How might technologies such as virtual reality (VR) help businesses become more empathetic to the needs of their employees? This question has taken on more urgency as businesses react to a massive voluntary exodus from the workforce known as the Great Resignation.
Throughout 2021, businesses have seen a dramatic surge in workers either leaving for other employment opportunities or quitting their jobs outright. Businesses are now grappling with a talent shortage across all professions and positions, ranging from white collar jobs to front-line retail jobs. The sheer numbers of people leaving their jobs has caught many employers off guard.
As companies dig into the reasons for the surge in resignations, they’re uncovering a wide range of issues at play. For example, many white-collar professionals have re-evaluated the purpose of their jobs now that they have endured a period of global disruption triggered by the Covid-19 pandemic.
Many others have expressed dissatisfaction with their employers for not adequately addressing their emotional needs during the pandemic. For example, a number of employees are reluctant to return to a physical location (whether an office or a retail store front) for health and safety reasons.
Why the News Matters
For those reasons, employee empathy has become an increasingly pressing issue among businesses. According to a recently published LinkedIn special report, empathy is one of the most important issues shaping the future of employee recruitment. LinkedIn says that successful businesses “will be more empathetic in their outreach, accommodating in their approach, and understanding of what candidates are going through.” LinkedIn also notes that successful employers will master the art of using digital to attract people.
So, can companies use digital technologies to become empathetic to the needs of their employees? This is a reasonable question. After all, businesses are already using virtual reality (VR) to train employees to learn skills and to become more effective communicators by simulating real-world work scenarios.
The answer is, “Yes!” In fact, businesses are using VR already to train executives to become better communicators and managers by putting them in the shoes of employees. A recently published article in The Next Web relates the example of an immersive experience that shows employees, including senior managers, the impact of exclusionary behavior. Of course, being more inclusive is a critical challenge all businesses face. VR can help them embrace more inclusive ways of working by putting them in the shoes of people of different backgrounds.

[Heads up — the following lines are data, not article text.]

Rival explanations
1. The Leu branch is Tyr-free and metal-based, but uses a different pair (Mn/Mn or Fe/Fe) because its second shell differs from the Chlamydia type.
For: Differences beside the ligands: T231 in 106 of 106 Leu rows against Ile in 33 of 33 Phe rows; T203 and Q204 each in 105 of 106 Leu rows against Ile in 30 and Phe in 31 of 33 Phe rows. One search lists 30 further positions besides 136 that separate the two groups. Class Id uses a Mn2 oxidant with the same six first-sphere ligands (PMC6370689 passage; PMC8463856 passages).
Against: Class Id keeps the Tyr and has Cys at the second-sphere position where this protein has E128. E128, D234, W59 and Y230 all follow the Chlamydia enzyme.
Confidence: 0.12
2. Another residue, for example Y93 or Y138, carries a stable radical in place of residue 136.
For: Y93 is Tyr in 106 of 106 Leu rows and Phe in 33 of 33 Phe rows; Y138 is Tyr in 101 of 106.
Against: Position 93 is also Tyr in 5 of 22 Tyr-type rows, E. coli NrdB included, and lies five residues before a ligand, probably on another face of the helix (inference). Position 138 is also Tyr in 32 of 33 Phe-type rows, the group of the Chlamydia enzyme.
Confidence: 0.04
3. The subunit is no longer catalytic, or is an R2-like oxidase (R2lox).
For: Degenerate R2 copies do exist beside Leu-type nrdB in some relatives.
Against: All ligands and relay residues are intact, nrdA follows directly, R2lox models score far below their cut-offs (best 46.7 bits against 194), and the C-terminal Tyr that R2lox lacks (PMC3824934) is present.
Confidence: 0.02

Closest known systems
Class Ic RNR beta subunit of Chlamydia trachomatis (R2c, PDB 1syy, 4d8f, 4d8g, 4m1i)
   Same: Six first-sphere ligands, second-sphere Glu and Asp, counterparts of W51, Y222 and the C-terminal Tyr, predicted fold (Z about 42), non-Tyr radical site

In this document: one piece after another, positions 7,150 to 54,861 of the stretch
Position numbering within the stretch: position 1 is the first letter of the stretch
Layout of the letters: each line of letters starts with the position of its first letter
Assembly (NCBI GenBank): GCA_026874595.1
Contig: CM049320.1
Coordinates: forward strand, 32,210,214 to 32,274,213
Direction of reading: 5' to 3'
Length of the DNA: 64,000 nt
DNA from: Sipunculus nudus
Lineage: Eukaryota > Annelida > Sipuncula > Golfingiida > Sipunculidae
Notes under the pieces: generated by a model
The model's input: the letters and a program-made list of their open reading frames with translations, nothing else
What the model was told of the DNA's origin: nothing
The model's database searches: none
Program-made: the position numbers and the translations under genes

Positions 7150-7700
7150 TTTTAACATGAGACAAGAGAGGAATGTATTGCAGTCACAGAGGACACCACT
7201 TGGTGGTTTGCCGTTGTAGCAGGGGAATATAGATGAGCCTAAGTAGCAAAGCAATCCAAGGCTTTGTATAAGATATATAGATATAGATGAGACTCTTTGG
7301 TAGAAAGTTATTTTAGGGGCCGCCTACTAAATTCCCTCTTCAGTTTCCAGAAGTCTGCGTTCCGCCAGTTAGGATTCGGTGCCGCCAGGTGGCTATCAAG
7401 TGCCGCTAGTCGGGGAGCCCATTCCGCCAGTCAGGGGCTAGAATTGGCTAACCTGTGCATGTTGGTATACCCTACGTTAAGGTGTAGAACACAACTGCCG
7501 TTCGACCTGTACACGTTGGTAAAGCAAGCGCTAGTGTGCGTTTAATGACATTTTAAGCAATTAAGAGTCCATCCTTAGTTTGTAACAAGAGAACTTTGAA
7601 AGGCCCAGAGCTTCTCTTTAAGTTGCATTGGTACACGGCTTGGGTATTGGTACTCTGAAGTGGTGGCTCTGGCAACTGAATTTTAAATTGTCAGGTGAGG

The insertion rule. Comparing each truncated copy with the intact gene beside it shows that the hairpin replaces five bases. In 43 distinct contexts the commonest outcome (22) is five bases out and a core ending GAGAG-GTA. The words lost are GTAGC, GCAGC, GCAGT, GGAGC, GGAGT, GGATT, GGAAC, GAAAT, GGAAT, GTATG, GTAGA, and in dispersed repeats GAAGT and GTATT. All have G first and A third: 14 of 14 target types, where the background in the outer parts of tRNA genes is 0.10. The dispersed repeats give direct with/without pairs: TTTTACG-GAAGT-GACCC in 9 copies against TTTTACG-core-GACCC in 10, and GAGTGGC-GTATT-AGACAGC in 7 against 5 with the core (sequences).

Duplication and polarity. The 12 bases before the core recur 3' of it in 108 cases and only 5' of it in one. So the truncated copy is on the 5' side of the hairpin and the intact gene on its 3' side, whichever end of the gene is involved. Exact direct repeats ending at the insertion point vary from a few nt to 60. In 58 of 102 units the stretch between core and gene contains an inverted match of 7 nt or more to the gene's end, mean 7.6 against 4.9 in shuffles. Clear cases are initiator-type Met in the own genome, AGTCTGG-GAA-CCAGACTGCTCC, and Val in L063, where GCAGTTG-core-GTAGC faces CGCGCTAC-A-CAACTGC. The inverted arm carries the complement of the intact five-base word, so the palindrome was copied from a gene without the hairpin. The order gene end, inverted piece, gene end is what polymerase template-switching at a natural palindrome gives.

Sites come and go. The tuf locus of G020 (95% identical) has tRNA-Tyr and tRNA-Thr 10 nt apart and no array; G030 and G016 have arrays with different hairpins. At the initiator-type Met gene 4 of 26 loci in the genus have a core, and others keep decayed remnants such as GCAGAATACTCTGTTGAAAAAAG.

Teaching empathy requires businesses to manage many different moving parts, and it’s not always easy to understand how to get started. One of the questions businesses struggle with is where to get started. That’s because empathy is a wide-ranging issue that spans business problems ranging from a more general “How might we be more inclusive?” to more specific “How might we address the needs of employees with accessibility issues?” or “How might we make new employees feel more included and valued when they are not working face to face?”
Tools such as design sprints can help. A design sprint consist of four-day test-and-learn process in which a team identifies a business problem with no clear-cut and easy solution and develops a prototype for a solution. The design sprint involves real customers as part of the vetting process. Moonshot relies on design sprints all the time as part of our FUEL methodology for unlocking innovation. We believe that starting with a design sprint is a crucial step toward embracing empathy.
To learn how Moonshot might help your business adopt employee empathy through virtual reality, contact Moonshot.